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Question about tweeter

Discussion in 'Amps and Cabs [BG]' started by Skel, Mar 11, 2006.

  1. Skel


    Jun 19, 2005
    Boulder, Colorado
    Many cabs today have a tweeter. I assume a "horn" is the same thing. If I understand correctly, there is a passive crossover in the cabinet, and this crossover routes high frequencies to the tweeter, and the rest to the speaker. What I don't understand is, if you turn the tweeter off like I do most of the time, does this mean there are frequencies that, without a crossover, would be heard by the speaker? Or does the tweeter only receive frequencies the speaker would not be able to reproduce anyway?

    Thanks - Skel
  2. billfitzmaurice

    billfitzmaurice Commercial User

    Sep 15, 2004
    New Hampshire
    Owner, Bill Fitzmaurice Loudspeaker Design
    That, or frequencies that even if the woofer could reproduce them it would not do so with adequate dispersion.
  3. Skel


    Jun 19, 2005
    Boulder, Colorado
    Thanks Bill - I wonder how much the crossover and tweeter cost, for those of us that don't even use it. Hopefully it's very minimal.
  4. billfitzmaurice

    billfitzmaurice Commercial User

    Sep 15, 2004
    New Hampshire
    Owner, Bill Fitzmaurice Loudspeaker Design
    In fact most cabs would benefit far more from a midrange driver than from a tweeter. Tweeters for the most part operate only above 3.5 kHz, while even ten inch woofers don't work particularly well above 2kHz at best, leaving a response hole nearly an octave wide. But midranges and the required crossover are on average twice as expensive as tweeters, so they don't make the cut.
  5. Kelly Lee

    Kelly Lee Yeah, I'm a guy! Supporting Member

    Feb 17, 2004
    Marana, AZ, USA
    I agree. That is why I searched until I found a Trace Elliot 4052H "Bright Box". It isn't quite a mid driver setup but close. It has four 5" drivers that really bring out the upper mids and highs without the harshness (IMO) that a more traditional tweeter/horn has. Man I love my 4052H!

  6. From what I understand, many tweeters use (I get my terms mixed up here) high pass or low pass filters. In other words, in a 410 cab with a tweeter, the 10's run at full frequency, and the tweeter ads in the very upper treble sound that the 10's cannot reproduce. It you adjust the tweeter attenuator so that the tweeter is 'out of the system', it's no different than having a 410 without a tweeter.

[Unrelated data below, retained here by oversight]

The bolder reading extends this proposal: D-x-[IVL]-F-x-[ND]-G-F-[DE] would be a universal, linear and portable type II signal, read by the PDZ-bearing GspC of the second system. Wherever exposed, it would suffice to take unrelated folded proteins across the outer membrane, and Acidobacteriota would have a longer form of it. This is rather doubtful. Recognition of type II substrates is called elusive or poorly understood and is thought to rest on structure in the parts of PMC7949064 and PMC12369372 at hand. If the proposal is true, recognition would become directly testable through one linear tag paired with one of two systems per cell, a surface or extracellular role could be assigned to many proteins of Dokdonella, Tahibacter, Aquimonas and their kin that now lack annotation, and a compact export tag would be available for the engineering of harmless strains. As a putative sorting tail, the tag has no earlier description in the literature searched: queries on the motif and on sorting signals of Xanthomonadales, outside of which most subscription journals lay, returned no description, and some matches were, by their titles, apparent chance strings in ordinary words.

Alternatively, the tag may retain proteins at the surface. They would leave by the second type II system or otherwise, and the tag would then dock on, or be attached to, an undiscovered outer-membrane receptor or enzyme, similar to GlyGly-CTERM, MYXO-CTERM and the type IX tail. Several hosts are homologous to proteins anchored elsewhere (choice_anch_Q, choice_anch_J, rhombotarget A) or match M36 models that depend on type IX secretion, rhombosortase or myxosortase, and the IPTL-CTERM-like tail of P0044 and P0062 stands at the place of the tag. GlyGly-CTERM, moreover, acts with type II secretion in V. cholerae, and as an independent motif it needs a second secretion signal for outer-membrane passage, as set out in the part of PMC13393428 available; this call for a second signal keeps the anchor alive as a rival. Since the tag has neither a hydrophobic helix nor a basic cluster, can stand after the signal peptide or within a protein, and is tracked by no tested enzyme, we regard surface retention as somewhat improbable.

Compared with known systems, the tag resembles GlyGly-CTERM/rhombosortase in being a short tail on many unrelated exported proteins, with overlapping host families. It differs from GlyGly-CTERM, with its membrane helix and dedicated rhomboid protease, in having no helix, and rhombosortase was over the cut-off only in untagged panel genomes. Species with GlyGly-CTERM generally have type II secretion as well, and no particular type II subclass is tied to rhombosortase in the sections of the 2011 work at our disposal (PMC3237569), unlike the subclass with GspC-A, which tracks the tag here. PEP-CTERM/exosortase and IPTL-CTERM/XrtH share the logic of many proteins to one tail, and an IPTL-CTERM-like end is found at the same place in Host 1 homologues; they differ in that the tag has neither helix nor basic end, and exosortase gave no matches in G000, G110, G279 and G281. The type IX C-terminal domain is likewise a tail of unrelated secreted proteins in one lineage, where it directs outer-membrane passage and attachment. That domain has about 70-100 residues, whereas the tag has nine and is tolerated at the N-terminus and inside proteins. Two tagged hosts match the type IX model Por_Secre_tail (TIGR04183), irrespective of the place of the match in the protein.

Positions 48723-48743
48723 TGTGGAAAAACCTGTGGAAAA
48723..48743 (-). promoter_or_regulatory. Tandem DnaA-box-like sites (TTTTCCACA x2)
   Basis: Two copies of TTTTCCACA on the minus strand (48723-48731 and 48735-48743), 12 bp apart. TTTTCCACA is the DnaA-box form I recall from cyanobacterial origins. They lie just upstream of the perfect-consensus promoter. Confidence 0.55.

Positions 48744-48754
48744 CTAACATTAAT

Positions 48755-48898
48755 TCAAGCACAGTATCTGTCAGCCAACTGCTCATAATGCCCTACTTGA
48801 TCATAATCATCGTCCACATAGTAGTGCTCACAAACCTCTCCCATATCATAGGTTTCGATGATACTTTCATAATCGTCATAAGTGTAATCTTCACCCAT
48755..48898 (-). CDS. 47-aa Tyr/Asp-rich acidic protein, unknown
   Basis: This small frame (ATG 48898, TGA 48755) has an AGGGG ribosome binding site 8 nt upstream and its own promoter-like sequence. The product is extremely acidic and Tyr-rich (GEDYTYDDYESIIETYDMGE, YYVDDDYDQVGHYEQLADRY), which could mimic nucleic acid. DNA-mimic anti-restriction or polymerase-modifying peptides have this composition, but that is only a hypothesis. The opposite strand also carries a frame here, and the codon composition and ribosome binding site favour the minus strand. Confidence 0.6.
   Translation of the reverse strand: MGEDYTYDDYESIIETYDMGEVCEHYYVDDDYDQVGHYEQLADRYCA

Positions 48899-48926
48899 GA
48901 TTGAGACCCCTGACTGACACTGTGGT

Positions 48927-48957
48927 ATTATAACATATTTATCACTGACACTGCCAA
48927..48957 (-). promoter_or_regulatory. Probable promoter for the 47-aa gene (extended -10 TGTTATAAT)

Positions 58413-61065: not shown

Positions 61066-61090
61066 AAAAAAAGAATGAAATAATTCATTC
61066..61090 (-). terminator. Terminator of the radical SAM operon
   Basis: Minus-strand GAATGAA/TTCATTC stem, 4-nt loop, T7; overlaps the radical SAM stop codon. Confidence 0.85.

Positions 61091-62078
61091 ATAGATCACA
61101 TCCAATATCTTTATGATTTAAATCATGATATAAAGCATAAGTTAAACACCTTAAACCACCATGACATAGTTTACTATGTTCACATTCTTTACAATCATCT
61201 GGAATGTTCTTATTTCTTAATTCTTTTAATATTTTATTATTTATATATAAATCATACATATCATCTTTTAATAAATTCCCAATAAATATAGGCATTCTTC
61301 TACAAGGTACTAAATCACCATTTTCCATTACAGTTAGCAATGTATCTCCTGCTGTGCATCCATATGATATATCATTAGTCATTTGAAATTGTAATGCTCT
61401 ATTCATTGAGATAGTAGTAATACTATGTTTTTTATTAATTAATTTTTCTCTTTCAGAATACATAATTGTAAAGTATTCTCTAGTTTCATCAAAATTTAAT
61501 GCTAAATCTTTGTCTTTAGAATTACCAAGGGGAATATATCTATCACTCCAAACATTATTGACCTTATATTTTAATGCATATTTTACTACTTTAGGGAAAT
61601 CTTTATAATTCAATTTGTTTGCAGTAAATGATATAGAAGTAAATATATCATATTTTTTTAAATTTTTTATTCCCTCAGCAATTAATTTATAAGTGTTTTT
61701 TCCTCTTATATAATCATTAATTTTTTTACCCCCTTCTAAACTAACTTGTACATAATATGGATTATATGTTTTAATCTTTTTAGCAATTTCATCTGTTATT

As far as a mid driver, it depends on the sound you want. Personally, I've always found those 'three way cabs' to sound somewhat unnatural in the mids, and also to lack mid punch out in the room... since usually a little mid driver is not going to project the upper mid punch of a bunch of tens. I'm sure there is the 'hole' in the reproduced frequencies between most 10's and tweeters mentioned above... but many times it's that 2K or 3K frequency that can be somewhat obnoxious to the ear IMO.

    As always, depends on the sound you are looking for. I agree if you are looking for an 'old school' sound (like a 2x15) but with a little more definition, a mid driver can really help. However, a mid driver with 10's and a tweeter is another thing IMO.
  7. greenboy


    Dec 18, 2000
    remote mountain cabin Montana
    greenboy designs: fEARful, bassic, dually, crazy88 etc
    And that's assuming the tens have a polar response that isn't icepick sharp above 1.5 or 1.6K. That would be a very nice dustcap design indeed that minimizes beaming. Maybe whizzies should be in use more often ; }

    As neither do compression/driver horn combinations that can deal with more power and lower crossover frequencies. Though those are common in nicer compact two-way PA boxes. The only thing missing in a lot of those boxes is better xmax and maybe lows extension (though so many bass cabs don't go any lower really), because the assumption in SR/PA is that you put a subwoofer under there anyway so you don't need a lot of xmax.
  8. fdeck

    fdeck Supporting Member Commercial User

    Mar 20, 2004
    Madison WI
    HPF Technology LLC
    Man, you ain't kidding. :(

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